What is the hierarchy of your personal stress? Take a few moments to look at how your needs and stress stack up. Start looking at what you can do to address your levels of stress in each of the areas. Take a few moments to review some of my earlier blog posts on eating, sleeping, exercise, and finances which may help you to better manage your stress levels. Remember stress is inevitable, but there is something you can do to address what stresses you. It just may be easier than you realize.

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Change your brain and Decrease your stress

Face make of junk found on beach. Talk about stressful!

We once thought that changing the brain in adulthood was impossible. Now we now that to be false. The brain is more plastic (able to change) than we previously believed. In less than 15 minutes a day you can begin to change to your brain and decrease your stress.

The Background

Mindfulness based meditation has been in the in the mainstream for nearly 30 years now. Jon Kabat-Zinn began using it in western medicine starting in the the 1970’s. He started a stress reduction clinic in 1979 at the University of Massachusetts School of Medicine. The ideas he started with there didn’t gain public popularity until the early 1990’s after he wrote and published the book Full Catastrophe Living: Using the Wisdom of Your Mind and Body to Face Stress, Pain, and Illness. This book was embraced and from that point Mindfulness Based Stress Reduction (MBSR) started to spread.

Meditation as a Tool

What does this have to do with meditation and how can you benefit from it? Meditation is a portion of what MBSR teaches in an 8-week course along with different ways of thinking about obstacles.

I often suggest that people give it a try especially in managing anxiety. Because meditation is often affiliated with Buddhism there is often some hesitancy. Sometimes folks believe it will interfere with their religious practice. But meditation is not THE religious part of Buddhism it is simply a tool that Buddhists use to move closer to enlightenment. Meditation also helps with many other aspects of human life and we can benefit from those without becoming Buddhists. You can find a free MBSR course here.

How it can help

A January 2019 article entitled Brief, daily meditation enhances attention, memory, mood, and emotional regulation in non-experienced meditators caught my attention. They looked at folks who had no experience in meditation and had them listen daily to a meditation recording that was 13 minutes in length. The control group listened to a non-meditation pod cast. Study participants engaged in fairly rigorous pre, mid, and post study testing in a variety of areas including memory, attention, and mood.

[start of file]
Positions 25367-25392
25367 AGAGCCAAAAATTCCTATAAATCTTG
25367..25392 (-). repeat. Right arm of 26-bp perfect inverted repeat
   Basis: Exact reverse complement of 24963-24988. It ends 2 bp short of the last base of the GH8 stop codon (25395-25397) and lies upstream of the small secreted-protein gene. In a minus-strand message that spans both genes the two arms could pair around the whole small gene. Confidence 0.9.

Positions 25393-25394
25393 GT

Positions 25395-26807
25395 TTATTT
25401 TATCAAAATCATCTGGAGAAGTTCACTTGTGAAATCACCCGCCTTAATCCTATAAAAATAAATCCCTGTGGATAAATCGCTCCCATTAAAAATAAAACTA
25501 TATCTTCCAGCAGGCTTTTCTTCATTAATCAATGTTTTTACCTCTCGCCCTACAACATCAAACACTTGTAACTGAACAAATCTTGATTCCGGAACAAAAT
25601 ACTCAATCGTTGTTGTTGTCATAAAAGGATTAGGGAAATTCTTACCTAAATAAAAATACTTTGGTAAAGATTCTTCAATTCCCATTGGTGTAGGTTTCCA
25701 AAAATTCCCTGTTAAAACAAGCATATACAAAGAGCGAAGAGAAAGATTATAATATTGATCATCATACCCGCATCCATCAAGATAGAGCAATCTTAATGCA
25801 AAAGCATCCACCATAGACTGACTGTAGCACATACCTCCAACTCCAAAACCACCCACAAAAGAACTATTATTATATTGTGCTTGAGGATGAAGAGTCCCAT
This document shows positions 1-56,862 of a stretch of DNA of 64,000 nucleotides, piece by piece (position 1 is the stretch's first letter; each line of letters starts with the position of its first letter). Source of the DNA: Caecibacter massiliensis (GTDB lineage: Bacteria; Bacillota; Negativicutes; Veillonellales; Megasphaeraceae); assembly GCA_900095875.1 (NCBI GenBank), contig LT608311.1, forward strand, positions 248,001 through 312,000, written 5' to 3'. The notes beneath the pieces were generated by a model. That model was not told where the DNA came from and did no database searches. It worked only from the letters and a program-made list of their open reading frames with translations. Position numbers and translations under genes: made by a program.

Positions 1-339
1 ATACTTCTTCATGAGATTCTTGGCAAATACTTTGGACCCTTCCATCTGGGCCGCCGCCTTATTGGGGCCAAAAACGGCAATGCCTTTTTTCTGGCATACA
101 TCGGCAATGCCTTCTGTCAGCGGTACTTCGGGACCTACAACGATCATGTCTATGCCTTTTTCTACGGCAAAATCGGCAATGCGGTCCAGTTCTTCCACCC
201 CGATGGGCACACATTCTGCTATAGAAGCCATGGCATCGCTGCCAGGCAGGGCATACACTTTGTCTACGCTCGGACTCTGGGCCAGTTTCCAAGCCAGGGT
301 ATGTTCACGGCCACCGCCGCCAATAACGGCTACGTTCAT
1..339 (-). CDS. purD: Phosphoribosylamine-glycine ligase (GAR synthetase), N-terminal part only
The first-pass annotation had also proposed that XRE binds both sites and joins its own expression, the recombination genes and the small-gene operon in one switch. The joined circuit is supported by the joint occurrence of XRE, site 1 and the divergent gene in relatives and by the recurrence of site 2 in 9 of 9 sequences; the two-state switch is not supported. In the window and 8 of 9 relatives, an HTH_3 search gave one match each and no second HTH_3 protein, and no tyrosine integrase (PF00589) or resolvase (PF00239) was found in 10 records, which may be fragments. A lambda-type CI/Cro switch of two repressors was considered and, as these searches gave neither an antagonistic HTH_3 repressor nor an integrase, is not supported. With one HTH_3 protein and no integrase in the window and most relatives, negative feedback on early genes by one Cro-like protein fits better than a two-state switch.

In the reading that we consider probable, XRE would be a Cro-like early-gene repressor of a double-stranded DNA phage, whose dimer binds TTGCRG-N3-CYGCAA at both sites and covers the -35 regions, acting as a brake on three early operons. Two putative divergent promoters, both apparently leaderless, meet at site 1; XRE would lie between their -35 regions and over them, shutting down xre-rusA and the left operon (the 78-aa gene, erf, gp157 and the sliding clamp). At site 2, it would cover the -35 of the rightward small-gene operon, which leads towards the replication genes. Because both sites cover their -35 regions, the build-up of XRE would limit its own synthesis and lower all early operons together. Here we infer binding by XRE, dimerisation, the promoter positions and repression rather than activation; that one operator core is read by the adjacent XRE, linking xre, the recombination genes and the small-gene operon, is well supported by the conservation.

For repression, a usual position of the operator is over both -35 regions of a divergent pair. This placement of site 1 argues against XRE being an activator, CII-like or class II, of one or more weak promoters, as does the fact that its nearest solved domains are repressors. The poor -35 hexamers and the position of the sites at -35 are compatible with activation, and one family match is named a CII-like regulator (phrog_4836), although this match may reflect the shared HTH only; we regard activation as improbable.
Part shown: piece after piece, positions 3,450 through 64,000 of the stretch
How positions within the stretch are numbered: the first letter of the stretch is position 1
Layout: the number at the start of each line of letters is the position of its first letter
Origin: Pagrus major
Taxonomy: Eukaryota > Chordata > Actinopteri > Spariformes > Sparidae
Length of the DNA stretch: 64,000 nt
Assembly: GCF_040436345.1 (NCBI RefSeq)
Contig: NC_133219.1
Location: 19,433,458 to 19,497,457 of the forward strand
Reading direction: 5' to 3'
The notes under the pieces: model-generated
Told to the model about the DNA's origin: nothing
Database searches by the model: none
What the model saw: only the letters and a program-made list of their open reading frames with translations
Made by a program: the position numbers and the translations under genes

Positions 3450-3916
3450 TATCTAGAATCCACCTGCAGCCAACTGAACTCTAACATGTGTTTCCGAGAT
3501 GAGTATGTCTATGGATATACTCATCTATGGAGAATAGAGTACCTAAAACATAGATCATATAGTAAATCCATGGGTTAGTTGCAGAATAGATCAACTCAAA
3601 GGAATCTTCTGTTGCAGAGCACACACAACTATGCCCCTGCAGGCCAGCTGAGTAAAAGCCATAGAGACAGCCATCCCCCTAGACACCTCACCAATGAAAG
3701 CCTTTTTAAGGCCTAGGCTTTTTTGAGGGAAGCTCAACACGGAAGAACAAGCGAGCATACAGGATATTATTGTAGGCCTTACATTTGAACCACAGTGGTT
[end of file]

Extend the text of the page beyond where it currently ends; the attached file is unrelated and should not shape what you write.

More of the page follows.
After 8 weeks they found statistically significant differences in the groups. While the study group was small (n=40) they were able to pull some interesting findings.

The Kind of Help

They found improvements in:

  • Mood
  • Emotional regulation
  • Working memory
  • Recognition memory
  • Responses to stress
    • Including improved ability to cope under stress

Importantly they found that the effects were not present at 4 weeks (the mid-point), but required more than 4 weeks to see the changes.

Interestingly sleep was not found to be improved although a number of other studies have shown improvements in sleep with use of meditation. The authors opined that the time of day that the participants engaged in the activity could have had an impact and urged that future studies control for this.

The Brain

The hypothalamus-pituitary-adrenal (HPA) axis works to help us manage our stresses and bring our bodies back into homeostasis. When the HPA axis is out of whack we can feel overly anxious or overwhelmed. When stresses occur it works to help us recover.

Meditation seems to help regulate the HPA axis. Over time engaging in meditation appears to help the hippocampus grow and the amygdala reduce in size helping us to better regulate our mood. The amygdala is the part of the brain that jumps into action when emotions emerge. When it is over-activated it can get stuck in sending distress messages to the frontal cortex (the part of the brain that helps us to make a decision on how to act). When the frontal cortex is overwhelmed we can have difficulties making decisions or in extreme cases may even blank out.

In Conclusion

Imagine having access to a system that is free, requires less than 15 minutes a day of our direct attention, and has the potential to impact all the above areas of your life. Sounds like a miracle of sorts. We are finding that meditation can change your brain and decrease your stress.

That said, while meditation can provide improvements in a number of areas, it is not a silver bullet. Meditation alone will not solve your problems. But by using meditation you can create an optimal internal environment. One in which you are more likely to best handle your stressors most effectively.

Another activity that can decrease your stress and cause positive brain changes is exercise. Check out the blog post on exercise here and here.